Do you want to have great fun and make a complete mes of your studio?
To shoot with flour and other powders you have to be prepared to make a real mess of studio. Expect the powder to travel much further than you think, into all the corners of the space - no matter how big it is!
Get all your equipment covered, or it will get into all the nooks and crannies and you'll never get it out.
You can use different kinds of powder. Regular flour is an obvious starting point. This gives quite a good cloud effect, though you will always get larger lumps in it (I suppose you could sieve it).
Milk powder is good; it has a heavier weight to it and a sort of gritty look to it that flour doesn't have.
Talcum powder or baby powder is probably my favourite. It has a soft delicate flow to it and doesn't really form lumps.
Of course you can mix powders together to get the best of both worlds. In these shots I've used a combination of flour and talcum powder. Flour gives a bit of heft and weight so that it can be thrown around and the talcum powder gives the looser "cloudier" look.
Incidentally, you can drop powders in front of a fan for an instant smoke effect. A regular smoke machine will fill your studio with smoke so you have a limited shooting time. Powder "smoke" instead pretty much falls to the floor straight away so doesn't fog out your studio.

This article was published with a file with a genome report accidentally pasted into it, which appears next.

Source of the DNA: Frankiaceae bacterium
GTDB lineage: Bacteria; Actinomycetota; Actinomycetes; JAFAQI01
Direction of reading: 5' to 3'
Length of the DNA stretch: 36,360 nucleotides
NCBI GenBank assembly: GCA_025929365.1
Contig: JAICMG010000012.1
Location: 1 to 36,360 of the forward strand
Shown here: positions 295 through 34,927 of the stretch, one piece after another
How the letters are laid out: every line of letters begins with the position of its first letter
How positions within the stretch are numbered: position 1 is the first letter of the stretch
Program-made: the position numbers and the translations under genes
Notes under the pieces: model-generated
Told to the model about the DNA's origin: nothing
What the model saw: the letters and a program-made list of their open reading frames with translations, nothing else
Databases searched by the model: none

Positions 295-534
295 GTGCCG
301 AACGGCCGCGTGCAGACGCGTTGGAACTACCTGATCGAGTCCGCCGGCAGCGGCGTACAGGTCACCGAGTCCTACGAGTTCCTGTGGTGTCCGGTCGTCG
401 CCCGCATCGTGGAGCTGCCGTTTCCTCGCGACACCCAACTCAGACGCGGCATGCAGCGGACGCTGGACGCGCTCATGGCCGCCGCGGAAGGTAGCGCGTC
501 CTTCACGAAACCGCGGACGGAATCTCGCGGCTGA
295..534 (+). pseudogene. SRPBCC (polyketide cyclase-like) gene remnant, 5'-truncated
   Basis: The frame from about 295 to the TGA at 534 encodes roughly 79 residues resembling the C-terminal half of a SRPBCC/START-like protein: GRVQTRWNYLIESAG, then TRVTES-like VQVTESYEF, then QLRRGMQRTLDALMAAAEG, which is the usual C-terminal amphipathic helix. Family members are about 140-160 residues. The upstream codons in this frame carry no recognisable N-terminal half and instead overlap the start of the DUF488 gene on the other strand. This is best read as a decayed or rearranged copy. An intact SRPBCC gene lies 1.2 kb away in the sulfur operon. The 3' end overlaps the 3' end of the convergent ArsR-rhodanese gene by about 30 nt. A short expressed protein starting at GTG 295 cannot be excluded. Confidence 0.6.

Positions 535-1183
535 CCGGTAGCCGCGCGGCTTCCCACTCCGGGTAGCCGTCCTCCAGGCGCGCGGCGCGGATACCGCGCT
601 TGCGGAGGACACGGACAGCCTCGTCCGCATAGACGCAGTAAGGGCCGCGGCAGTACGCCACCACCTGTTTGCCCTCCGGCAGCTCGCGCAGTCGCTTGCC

Just like smoke the powders need a good back light to make them show up well.
In the first shot Kirsty is holding powder in her hands, as she spins she releases the powder. Although you will be fascinated by the powder flow, check the expression on the face is good too.
The second image has the model holding powder in her hands, but we have also left a layer of powder along her arms.
So as she flings her arms upwards we get both the release from the hands but also a trail from the whole arm - giving the "wings" effect.
In our last image the arms have been liberally covered in powder then the model spins releasing the powder.
Controlling the spin is important. Firstly setup the final position, then track the model back to a start position - which may be an awkward shape. Apply the powder then get the model to swing back to the first position again.
The swing has to be very fast and the model has to stop the swing very quickly. This makes the powder really flare out.
Wrap everything well before starting. You could of course shoot outside at night.
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